| Sania Mirza with her silver medal on Wednesday
Doha: The packed stands at the Centre Court of the Khalifa Tennis and Squash Complex on Wednesday watched with stunning disbelief as Leander Paes and Mahesh Bhupathi scripted yet another remarkable comeback story to win their second back-to-back Asian Games doubles gold.
Paes, who won his first Asiad doubles gold with Gaurav Natekar in Hiroshima (1994), reached a new high a couple of hours later when he partnered Sania Mirza to win the mixed doubles title. They defeated Satoshi Iwabuchi and Akiko Morigami of Japan 7-5, 5-7, 6-2. In 12 years, Paes has now won four gold medals for India in the Asian Games. Thus he has joined the elite list of P.T. Usha, Milkha Singh and Jaspal Rana, who have four Asian gold each.
After the crowd favourite Sania Mirza lost the women’s singles final to China’s Jie Zheng 4-6, 6-1, 1-6 in the day’s first match, the Indian duo looked in deep trouble against Thai twins Sanchal Ratiwatana and Sonchat Ratiwatana. They lost the first set 5-7 and were trailing the second at 5-6 and 0-40 when many Indian fans started leaving the stadium.
The drama, however, began at that point of time. While Bhupathi suddenly started serving with great precision, Paes displayed some tremendous net play. Three continuous winners from Paes had the Thai duo completely rattled and they were forced to put their hands up. The Indian pair saved seven match points in a row to wrap up the set.
For a moment, one felt Paes and Bhupathi had regained their form that they had five years ago when they were the word beaters. In the tie-breaker, the Thai pair had little chance to challenge the fury of the Indians, who were firing all cylinders.
Paes and Bhupathi were in crushing mood when rain intervened for about half an hour. The rain relented, but not the Indian pair. They started from where they ended in the second set. Perhaps, the unexpected defeat in the first set got them to play in a furious pace.
In the final set everything seemed right for the ‘Indian Express’ duo. Some of the forehand shots and net punches from Paes were simply breathtaking. Keeping the rhythm with him in the perfect manner was Bhupathi. One couldn’t believe that the two refused to play with each other only a week ago.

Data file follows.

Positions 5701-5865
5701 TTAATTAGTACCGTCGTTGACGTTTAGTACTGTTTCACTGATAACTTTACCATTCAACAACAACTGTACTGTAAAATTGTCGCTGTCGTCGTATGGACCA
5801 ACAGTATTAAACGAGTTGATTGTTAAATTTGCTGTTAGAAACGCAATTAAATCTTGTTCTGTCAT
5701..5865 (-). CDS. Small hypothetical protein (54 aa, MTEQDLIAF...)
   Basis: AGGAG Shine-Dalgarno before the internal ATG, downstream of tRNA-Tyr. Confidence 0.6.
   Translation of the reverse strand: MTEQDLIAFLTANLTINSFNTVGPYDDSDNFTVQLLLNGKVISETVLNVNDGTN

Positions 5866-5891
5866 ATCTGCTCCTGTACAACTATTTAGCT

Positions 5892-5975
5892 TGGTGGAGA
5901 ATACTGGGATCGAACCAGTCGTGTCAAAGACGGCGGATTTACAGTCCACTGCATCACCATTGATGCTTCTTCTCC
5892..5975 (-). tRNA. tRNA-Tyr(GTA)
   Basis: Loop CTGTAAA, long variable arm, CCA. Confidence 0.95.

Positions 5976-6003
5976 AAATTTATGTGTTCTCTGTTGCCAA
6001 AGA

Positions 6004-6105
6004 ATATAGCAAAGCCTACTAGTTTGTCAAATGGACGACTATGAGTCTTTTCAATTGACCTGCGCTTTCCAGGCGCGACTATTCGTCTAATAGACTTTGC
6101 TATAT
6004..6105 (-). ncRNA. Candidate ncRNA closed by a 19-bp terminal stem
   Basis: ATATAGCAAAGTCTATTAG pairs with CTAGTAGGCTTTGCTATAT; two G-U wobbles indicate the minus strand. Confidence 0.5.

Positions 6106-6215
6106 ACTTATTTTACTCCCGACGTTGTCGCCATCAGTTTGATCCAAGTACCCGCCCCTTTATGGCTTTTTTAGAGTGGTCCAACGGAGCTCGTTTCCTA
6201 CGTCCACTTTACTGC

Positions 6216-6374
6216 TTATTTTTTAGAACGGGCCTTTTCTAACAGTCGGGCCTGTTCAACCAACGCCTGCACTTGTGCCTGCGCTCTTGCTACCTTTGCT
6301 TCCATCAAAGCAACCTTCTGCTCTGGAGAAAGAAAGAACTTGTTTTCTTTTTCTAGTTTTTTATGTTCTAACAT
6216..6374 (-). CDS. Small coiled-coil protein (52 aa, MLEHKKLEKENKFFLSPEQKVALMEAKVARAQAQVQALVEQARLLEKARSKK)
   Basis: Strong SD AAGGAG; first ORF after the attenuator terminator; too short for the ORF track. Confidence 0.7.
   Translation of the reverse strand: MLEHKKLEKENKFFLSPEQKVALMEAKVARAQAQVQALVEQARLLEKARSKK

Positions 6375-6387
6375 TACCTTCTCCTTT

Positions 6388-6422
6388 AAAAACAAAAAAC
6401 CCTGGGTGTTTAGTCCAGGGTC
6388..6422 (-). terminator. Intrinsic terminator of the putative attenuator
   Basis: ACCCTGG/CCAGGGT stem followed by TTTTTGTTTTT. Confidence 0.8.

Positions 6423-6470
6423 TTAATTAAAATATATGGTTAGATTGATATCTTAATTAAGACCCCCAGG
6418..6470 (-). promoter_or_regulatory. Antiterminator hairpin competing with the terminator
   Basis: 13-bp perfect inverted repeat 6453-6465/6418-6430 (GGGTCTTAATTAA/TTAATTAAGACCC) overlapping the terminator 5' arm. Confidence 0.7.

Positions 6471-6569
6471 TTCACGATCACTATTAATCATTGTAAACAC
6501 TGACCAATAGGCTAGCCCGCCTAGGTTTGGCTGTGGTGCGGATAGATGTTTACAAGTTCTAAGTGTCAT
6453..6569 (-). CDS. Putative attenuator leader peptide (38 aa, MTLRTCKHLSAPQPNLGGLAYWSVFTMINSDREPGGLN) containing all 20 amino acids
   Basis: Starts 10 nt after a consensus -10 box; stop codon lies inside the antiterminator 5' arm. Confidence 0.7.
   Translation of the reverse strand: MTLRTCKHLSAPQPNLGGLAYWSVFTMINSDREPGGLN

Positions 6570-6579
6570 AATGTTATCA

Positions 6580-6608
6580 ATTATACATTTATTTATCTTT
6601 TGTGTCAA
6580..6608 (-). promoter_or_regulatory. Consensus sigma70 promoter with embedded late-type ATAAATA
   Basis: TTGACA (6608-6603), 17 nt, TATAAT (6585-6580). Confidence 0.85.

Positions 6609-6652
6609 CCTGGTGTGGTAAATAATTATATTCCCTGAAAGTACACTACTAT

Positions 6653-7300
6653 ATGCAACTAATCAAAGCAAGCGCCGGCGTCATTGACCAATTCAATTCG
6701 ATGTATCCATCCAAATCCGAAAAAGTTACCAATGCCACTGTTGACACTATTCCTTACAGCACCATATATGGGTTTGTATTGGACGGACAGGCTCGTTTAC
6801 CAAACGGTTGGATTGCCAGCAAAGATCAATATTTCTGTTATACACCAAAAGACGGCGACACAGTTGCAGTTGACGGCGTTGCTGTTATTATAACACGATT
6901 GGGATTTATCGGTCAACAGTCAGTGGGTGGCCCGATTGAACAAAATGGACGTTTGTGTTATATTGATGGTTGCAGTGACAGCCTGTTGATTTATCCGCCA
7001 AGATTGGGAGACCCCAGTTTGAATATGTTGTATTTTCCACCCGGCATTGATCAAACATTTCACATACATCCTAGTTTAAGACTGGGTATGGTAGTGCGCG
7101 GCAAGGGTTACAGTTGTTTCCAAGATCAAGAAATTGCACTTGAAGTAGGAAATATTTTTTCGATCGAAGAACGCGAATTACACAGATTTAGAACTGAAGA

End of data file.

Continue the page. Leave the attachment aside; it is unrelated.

The end was like the old days. They clasped hands after winning each point, went for hi-five after every game and then jumped in the air in sheer joy and embraced each other after Paes served out for the match. The scoreline 5-7, 7-6 (9), 6-3 in two hours 44 minutes would never be able to tell the real story.
In the women’s singles final, Sania had all the ingredients of a champion, but she didn’t play like one.
In the final against Jie Zheng, Sania hogged all the pre-match limelight. The fans thronged at the gate to watch her, the camera crew of the official television network tracked her throughout and when she finally appeared at the court, the loudest cheers were reserved for her.
The gold medal, however, was reserved for the Chinese girl. Pitted against a rival, who enjoyed the backing of the packed stands, Jie Zheng displayed brilliant tactical sense to beat Sania in 109 minutes.
Later, Sania said she was tired of playing tennis for the last 10 days. In reality, it was her erratic nature of play that cost her the match than the fatigue. Unlike in the earlier rounds, Sania was hitting too many wide shots. At the same time, she committed a series of unforced errors in all the three sets to make things easier for the Chinese girl.
Her worst came in the third set. She became even more erratic and was broken in the very first game. In the fourth, she had a chance to break Jie Zheng, but threw it away by hitting out an easy winner. She then threw down her racket for the second time in the match. It promptly earned her a warning from the umpires.